software improvements and by judicious use of a sort of hybrid compute platform that has conventional Linux based system and some microprocessors.

You said 24 hours per layer. How long for a full chip?

This cell technology, which we introduced with IBM, was first adopted at 45nm. At 45nm there is typically 25 to 30 layers that would use model-based OPC. Most designs now in logic will have 7 or 8 layers in metal getting OPC. It is quite a few. At 32nm there are over 40 layers that require model-based OPC. Many of those layers, especially with the cell acceleration, can run in a matter of a couple of hours. One, two, three or four hours. Typically metal 1 and poly are the most computation intense layers. Those will push the 24 hour limit in some cases.

If there is a design change, do you have to go start all over again?

There a couple of different kinds of design changes. If there is an engineering change order that comes from the designers, sometimes that cell can be redone, re-OPC’ed and merge back into the overall design. We call this re-OPC and that way you do not have to do the entire chip. The same thing can happen, if a problem is found in manufacturing, when you do this full chip verification. If there is one location or one cell, the OPC on that location could be redone and then merged back into the overall design without having to redo the OPC.

Under what circumstances would one have to redo the entire chip?

That varies quire a bit. We have customer that will do it both ways. In some cases customers, will find for just bookkeeping purpose, since turnaround time in less than 24 hours, they have to keep it clean and if there is any engineering change, they will do the whole OPC.

I am not sure I could give a strict guideline on when the customer should do it one way versus another way. I would say that the majority of the time to date it has been to redo the entire layer, if there is an engineering change.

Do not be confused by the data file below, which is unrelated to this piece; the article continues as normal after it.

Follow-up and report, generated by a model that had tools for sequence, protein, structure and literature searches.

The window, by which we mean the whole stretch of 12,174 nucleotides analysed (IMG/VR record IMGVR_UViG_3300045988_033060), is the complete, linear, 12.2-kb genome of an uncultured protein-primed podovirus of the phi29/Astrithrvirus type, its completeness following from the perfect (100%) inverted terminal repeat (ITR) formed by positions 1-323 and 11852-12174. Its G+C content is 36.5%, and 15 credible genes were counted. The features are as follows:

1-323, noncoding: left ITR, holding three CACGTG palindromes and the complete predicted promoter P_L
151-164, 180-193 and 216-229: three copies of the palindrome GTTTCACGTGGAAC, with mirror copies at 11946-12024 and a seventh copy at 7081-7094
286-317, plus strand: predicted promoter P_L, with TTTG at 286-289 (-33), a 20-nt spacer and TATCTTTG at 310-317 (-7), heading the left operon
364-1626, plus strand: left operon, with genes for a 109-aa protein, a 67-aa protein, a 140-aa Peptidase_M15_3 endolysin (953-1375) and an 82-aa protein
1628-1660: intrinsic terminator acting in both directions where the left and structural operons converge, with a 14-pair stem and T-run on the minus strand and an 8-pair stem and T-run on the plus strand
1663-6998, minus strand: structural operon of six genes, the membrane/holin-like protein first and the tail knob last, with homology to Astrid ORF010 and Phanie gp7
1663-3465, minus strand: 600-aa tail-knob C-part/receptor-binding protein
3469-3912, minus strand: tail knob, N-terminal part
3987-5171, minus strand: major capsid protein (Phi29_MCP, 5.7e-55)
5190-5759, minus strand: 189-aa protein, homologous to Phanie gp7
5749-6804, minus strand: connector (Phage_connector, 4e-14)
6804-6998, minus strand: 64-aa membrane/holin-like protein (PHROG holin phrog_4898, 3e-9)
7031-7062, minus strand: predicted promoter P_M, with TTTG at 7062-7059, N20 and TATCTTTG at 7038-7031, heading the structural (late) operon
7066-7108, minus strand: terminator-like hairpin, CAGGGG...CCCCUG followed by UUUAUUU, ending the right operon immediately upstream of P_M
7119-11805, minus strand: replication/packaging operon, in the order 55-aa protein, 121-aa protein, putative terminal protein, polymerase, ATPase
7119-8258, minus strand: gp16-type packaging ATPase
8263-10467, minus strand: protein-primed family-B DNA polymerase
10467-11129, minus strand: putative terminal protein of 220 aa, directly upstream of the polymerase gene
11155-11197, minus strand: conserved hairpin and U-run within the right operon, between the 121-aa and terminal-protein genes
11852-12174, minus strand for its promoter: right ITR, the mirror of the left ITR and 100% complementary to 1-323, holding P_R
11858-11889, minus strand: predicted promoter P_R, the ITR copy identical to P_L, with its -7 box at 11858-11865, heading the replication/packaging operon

Mentor recently announced a relationship with IBM. Is that a new relationship or a continuation of an existing relationship?

It is really a continuation of a long relationship we have had with IBM. We have been working with them on model-based OPC going all the way back to 130nm. So it is sort of a logical extension of that relationship. I also mentioned that last year our relationship took a new form with this cell processor that IBM supports. In so many ways this relationship was a continuation of our relationship.

That’s the cell broadband engine (Cell/B.E.)?


Would expand a little bit on that?

We looked at this compute challenge that was growing. In a typical OPC flow the full chip is simulated at multiple locations. I mean billions of locations across the full chip to predict where the printed pattern will be. Then we distort, we break up the layout polygons into much smaller fragments and start moving edges in a manner consistent with the predicted profile in or out according to what the simulation says. Then we go back and re-simulate. This process of iteration is done 4, 5, maybe up to 10 times in order to get the entire chip to converge. So the final predicted wafer image and the target are within some tolerance. That’s where you take billions of simulations and do that maybe 10 times. The thought was let’s find the most efficient compute platform to do that. So we looked at a wide variety of options. We looked at FPGAs and other special GPUs and quickly came to the conclusion that for the type of simulations that are done, which are typically fast-fourier transforms, the cell block was uniquely postured to be the most cost effective compute platform. It is something we worked with IBM and Mercury Computer Systems to port the Calibre simulation engine onto that cell. The result is that our customers can reuse their existing farm of conventional Linux computers that they already have, (typically hundreds or thousands). By adding literally only a few dozen of these cell broadband blades, the customer can mix and match a variety of combinations of existing conventional CPUs plus the cell. That way they can continue to recoup the investment they have made in the Linux systems. We looked at using FPGAs and realized that that would require completely dedicated hardware to OPC job. We did not think that that was the most cost effective solution. Our solution, with the addition of a small number of cell blades, users
can still do their DRC, their XRC and their LDEF; all the different things that are needed to support the design and OPC. They can use their existing investment in hardware plus a small incremental investment beyond that. By doing that, we can see that runtimes decrease by a factor of about four in typical configurations versus not using the cell hardware.

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-- Jack Horgan, Contributing Editor.